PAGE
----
Banks in Germany are set to leave their credit standards largely unchanged in the second quarter, results of the April Bank Lending Survey of the Bundesbank revealed Wednesday.
That said, a slight easing in credit standards is seen for lending to enterprises, especially small and medium-sized enterprises (SMEs).
The survey said German banks tightened credit standards modestly in the first quarter, but eased them slightly for loans to SMEs. The survey found a marked divergence in credit conditions.
The margins for loans to enterprises were expanded significantly for riskier loans and remained unchanged overall for loans of average risk, the survey said. Meanwhile, the margins for loans to households were narrowed, in some cases perceptibly, riskier loans for house purchase being the sole exception.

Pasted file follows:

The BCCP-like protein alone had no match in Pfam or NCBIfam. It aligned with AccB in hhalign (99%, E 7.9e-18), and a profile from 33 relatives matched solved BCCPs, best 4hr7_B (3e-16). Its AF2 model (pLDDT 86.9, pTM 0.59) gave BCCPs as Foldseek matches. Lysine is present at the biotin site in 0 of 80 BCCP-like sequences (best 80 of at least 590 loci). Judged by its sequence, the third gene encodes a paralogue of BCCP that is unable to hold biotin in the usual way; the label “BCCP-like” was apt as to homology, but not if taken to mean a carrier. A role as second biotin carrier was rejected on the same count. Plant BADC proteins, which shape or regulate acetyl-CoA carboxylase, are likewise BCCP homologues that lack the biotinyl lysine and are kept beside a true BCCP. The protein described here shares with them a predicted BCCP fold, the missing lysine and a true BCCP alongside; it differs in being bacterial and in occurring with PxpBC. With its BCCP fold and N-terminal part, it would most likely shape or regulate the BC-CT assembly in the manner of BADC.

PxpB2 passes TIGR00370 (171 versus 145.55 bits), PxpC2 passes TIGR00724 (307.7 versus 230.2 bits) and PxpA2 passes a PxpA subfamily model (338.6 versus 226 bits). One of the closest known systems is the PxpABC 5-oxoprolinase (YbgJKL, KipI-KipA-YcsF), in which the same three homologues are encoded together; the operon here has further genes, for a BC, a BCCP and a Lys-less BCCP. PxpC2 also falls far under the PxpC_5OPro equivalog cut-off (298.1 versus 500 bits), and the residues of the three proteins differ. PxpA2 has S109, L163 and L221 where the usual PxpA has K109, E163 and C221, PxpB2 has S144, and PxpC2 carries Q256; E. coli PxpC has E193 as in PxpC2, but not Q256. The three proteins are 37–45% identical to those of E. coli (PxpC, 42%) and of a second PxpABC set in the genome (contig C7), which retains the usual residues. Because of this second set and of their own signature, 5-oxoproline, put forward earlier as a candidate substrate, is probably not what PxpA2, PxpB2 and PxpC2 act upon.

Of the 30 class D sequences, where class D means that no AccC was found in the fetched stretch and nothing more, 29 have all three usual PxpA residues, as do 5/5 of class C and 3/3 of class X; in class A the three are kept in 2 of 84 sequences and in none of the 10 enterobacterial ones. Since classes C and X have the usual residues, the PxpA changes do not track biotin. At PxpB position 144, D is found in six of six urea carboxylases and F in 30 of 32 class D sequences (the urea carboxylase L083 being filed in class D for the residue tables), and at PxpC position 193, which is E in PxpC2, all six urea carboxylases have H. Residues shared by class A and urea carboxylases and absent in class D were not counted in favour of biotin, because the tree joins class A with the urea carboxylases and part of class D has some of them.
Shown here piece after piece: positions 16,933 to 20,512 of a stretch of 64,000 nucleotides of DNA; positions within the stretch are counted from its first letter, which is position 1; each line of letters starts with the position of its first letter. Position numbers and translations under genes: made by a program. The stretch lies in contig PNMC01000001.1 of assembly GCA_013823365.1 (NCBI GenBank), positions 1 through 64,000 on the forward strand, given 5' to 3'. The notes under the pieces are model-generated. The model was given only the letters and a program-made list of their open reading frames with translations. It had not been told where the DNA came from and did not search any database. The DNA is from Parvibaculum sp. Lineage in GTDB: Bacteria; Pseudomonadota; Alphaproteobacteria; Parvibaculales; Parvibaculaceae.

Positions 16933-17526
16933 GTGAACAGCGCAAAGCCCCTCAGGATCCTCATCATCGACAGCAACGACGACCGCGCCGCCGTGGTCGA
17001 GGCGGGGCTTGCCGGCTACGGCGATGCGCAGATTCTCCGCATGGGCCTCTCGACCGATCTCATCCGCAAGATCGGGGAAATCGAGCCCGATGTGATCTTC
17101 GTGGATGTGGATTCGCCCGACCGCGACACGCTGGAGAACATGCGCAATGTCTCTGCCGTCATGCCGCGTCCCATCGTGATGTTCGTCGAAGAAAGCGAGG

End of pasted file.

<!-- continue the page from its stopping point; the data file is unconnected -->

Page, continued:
There was a significant decline in credit demand from enterprises in the first quarter. But, demand from the private construction sector rose markedly. Demand for funds from households was largely unchanged.
Survey participants also reported that German institutions' access to their sources of funding has clearly improved overall given the recovery in the financial markets. Banks also saw the possibility of issuing debt securities as having improved sharply.
Further, German banks did not perceive the easing in the European sovereign bond markets as having any impact on their credit standards for loans to enterprises and households.
by RTT Staff Writer
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